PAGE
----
Made grain-to-glass using a traditional pot still distillation and aged in new charred oak with a mash bill of blue corn, wheat, rye, and malted barley.
Appearance: Ale/light oak. A hairline swirl mark forms. Mostly teardrops and some short thin legs.
Nose: The typical, instantly recognisable cherry, wood and vanilla aromas hit first on the nose. There’s a slight barrel char edge to it too, which is nice and adds another dimension. There are some tobacco leaves, peppery and cinnamon aromas too. It’s quite an outdoors type of nose. Forest notes like bark and damp leaves.
As the glass matures a custard vanilla side to the nose starts to present itself, I like this mild side to the nose.
Palate: Nice oily mouthfeel. Immediate flavours of reduced cherries, black pepper, cinnamon and a touch of aniseed/liquorice.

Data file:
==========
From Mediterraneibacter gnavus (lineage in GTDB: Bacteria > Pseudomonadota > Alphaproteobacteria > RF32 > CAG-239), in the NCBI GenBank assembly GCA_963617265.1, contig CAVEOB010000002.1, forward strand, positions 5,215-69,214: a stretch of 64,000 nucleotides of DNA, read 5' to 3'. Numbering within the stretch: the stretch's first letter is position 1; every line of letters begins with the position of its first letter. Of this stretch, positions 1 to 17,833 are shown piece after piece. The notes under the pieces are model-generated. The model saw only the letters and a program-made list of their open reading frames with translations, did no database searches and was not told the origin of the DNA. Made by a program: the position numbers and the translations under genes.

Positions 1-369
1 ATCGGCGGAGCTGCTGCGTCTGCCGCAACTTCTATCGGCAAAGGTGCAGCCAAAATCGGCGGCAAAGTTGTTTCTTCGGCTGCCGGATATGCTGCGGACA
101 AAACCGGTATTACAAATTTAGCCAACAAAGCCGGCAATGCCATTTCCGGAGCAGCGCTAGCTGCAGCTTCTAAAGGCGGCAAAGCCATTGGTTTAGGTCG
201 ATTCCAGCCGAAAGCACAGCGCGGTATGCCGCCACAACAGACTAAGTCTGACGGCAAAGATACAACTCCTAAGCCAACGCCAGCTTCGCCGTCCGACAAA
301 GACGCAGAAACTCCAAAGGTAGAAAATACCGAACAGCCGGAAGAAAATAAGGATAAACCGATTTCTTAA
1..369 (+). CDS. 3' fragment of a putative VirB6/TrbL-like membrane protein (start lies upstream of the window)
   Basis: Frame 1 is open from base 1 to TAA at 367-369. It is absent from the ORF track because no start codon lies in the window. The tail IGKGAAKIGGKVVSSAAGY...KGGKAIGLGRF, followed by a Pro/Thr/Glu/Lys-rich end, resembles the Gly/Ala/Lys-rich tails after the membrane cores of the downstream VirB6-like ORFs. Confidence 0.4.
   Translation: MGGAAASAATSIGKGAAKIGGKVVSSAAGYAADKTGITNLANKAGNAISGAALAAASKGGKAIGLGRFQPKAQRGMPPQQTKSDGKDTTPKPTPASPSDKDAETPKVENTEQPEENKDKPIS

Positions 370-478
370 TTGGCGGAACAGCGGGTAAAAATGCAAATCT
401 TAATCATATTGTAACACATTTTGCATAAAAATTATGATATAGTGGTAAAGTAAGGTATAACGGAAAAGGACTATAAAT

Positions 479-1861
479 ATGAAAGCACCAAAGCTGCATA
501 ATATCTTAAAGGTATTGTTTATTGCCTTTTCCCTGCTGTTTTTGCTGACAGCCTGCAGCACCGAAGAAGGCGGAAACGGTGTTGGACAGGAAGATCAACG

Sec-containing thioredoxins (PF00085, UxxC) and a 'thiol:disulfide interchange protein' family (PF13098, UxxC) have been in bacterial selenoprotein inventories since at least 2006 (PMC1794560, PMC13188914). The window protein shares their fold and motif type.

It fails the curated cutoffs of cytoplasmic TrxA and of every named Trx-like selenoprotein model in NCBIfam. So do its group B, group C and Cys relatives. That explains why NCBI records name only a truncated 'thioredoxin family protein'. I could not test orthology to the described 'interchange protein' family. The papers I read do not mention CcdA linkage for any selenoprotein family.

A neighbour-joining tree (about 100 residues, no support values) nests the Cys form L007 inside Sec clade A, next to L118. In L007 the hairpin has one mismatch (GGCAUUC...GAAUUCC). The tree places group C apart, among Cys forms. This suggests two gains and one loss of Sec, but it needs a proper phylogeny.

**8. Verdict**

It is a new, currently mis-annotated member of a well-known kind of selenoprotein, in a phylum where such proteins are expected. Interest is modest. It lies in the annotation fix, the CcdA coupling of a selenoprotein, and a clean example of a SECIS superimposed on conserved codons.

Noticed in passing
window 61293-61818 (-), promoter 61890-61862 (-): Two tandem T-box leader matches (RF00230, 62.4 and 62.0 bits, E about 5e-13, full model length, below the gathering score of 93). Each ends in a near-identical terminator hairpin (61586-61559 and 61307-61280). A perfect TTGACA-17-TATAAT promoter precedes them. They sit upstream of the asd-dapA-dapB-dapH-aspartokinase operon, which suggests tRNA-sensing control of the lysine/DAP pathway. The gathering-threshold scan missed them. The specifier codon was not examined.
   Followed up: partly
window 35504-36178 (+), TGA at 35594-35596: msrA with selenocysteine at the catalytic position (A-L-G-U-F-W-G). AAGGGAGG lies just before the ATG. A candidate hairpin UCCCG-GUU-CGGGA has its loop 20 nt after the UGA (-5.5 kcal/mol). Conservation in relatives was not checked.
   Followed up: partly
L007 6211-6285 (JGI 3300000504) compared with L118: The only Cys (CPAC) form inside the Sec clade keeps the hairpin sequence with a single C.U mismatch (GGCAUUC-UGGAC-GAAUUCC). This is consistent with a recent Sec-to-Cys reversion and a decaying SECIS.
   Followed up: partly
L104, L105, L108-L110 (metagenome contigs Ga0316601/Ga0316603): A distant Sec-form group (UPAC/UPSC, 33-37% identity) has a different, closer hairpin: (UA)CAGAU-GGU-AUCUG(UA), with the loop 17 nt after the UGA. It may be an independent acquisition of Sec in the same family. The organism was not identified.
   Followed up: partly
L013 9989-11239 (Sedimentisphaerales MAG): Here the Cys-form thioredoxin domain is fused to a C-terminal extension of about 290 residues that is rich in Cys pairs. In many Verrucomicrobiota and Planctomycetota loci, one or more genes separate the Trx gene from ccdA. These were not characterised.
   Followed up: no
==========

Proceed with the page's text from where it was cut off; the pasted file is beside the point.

The nose is very much that of bourbon, it’s immediately recognisable. The palate however is less like your typical bourbon and the sweetness and depth bring it closer to whisky than most US whiskey.
Orange (maybe) now, like a halfway between normal sweet oranges and more bitter blood orange. There’s also a cooling mint, like fresh spearmint. Grilled peaches in syrup (if that’s possible?).
The more I drink the fruitier it gets and it’s a very nice journey.
Finish: Syrupy sweetness is left lingering the longest on the tongue, together with some black pepper and cinnamon.
Overall: I really like this, the nose was nothing spectacular (very nice though) but the palate is a joy. It’s got a lot more going on than most ‘standard’ bourbons.